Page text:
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Moving Hassle III – The Aftermath

25 Dec Autumn in my German backyard

So. I left the house on 24th Street NW. After five years of timely rental payments and an unmatched dedication to keeping the house clean and cozy my landlady Cavan and her agent Jim basically harassed me out of the building. As it looks, there still remains legal fallout.

Jim's move-out notice

Two of the notes that my landlady’s agent Jim taped to my front door. In his best hand writing as well!

As you recall, I did not pay rent for my last month, August 2016. I used the damage deposit in lieu of last month’s rent. In doing so I followed the advice of the previous tenant, and what a clever decision that was! My lease ended more than three months ago, and to this day I have not received a move-out report, or any other news regarding my deposit.

However, on move-out day I did receive a copy of a court file. The “court application” basically opened a court case that circles around my rental payment for August. Apparently Cavan did not agree with me using the damage deposit in lieu of actual rent. Yet, instead of telling me so, she decided to ask for her money in court.

The last pages of that document actually contain my latest e-mail to her, which states that a) the rent exceeds the deposit by $220, and b) I paid some $800 worth of materials that really Cavan should have been accountable for. Whatever happens with that case (and I am not sticking around to find out), my arguments are already in the file. The case could not be any more convenient for me!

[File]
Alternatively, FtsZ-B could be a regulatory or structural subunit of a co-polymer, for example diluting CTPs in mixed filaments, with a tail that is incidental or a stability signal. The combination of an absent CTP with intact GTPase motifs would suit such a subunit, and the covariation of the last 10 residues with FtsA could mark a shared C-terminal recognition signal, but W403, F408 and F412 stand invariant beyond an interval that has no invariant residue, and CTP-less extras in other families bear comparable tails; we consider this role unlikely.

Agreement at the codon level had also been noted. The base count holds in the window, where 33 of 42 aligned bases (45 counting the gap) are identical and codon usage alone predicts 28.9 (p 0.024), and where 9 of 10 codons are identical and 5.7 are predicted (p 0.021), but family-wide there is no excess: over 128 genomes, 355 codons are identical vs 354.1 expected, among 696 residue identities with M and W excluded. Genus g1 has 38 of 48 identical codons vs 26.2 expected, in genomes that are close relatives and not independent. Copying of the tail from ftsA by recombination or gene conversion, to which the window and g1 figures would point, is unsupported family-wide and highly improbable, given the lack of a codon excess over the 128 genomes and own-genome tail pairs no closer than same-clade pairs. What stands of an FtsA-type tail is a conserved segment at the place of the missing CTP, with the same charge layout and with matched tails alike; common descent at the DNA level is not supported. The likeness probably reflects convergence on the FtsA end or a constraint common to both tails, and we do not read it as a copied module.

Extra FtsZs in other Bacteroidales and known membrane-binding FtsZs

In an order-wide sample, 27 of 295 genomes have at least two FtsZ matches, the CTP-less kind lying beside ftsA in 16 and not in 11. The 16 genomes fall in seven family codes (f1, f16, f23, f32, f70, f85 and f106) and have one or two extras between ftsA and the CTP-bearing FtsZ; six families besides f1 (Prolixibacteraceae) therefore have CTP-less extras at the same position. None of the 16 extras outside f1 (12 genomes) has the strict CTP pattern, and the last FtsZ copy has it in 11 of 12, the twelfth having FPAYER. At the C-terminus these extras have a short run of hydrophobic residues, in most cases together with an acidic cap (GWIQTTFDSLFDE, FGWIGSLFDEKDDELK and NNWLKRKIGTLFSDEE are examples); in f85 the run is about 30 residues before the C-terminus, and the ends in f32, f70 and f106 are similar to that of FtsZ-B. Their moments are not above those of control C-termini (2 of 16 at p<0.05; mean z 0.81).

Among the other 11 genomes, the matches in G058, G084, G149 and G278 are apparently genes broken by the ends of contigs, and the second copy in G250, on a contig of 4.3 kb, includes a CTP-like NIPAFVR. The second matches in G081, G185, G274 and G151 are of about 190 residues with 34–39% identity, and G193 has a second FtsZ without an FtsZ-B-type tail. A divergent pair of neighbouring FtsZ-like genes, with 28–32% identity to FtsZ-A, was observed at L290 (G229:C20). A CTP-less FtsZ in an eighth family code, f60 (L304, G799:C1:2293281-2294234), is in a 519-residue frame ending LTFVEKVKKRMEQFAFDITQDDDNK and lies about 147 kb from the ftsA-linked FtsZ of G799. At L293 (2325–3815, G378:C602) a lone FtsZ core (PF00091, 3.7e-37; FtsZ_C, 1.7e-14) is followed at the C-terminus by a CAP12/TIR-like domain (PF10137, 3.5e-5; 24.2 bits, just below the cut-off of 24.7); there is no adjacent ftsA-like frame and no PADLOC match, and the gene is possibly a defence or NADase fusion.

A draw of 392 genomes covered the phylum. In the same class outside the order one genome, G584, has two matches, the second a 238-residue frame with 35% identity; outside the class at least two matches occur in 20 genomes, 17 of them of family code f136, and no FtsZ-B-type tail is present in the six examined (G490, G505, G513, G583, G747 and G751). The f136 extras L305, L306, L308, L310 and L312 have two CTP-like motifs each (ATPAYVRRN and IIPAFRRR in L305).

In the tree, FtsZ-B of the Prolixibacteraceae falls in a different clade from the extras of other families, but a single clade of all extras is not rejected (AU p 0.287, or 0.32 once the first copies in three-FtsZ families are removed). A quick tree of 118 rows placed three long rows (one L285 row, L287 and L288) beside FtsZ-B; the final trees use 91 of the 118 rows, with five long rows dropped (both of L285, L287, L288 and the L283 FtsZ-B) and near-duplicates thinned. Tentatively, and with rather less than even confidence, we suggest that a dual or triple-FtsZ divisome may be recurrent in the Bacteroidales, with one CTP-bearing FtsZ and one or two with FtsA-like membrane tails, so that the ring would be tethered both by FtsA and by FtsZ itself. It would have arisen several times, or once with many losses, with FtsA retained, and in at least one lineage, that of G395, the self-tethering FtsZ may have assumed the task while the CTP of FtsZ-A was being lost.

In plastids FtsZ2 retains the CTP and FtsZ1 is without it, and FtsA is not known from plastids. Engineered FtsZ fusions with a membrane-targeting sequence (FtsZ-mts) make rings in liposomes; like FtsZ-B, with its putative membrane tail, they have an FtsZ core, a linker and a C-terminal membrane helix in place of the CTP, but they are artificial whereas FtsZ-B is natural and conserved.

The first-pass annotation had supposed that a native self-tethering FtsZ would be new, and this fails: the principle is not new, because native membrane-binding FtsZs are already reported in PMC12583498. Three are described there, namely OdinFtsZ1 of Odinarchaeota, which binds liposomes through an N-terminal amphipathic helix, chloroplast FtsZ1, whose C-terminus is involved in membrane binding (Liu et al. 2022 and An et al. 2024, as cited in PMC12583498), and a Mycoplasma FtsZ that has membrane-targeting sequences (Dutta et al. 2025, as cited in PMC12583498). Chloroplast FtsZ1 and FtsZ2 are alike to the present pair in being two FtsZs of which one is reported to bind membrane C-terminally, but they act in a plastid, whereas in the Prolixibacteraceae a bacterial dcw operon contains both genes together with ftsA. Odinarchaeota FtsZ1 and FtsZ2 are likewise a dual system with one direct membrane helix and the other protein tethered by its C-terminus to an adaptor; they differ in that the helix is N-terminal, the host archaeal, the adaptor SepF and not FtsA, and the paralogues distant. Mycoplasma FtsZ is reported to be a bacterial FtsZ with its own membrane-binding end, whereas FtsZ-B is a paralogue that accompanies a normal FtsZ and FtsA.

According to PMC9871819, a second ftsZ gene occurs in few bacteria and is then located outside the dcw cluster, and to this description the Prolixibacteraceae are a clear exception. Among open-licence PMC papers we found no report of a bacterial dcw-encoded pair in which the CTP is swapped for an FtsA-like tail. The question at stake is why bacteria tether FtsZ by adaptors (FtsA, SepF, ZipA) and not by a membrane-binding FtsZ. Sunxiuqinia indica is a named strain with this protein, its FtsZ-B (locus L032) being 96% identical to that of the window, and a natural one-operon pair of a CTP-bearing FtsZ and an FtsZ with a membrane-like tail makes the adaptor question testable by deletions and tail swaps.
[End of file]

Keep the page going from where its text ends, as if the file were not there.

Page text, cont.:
Monetary Considerations

Now, court work is not cheap, and certainly not free. Jim paid an application fee of $250 for opening that case. Considering that the maximum amount of money he can possibly make with this case is $220, the whole process seems to bite its own tail. Like a snake that somehow got addicted to pain. Then again, that describes Jim pretty well.

I will never read the whole file, because it becomes repetitive and boring within the first two paragraphs. But in an idle minute I flipped through it, and the second page offers something of a redemption. I was invited to state my “side of this matter before the Court”, on the morning of September 1st. Obviously, I do enjoy court talk as much as the next masochist, and I certainly welcomed the opportunity to “communicate” with Jim under adult supervision. Alas, I did have one or two more things to do before leaving Calgary, and my departure was already scheduled for September 2nd.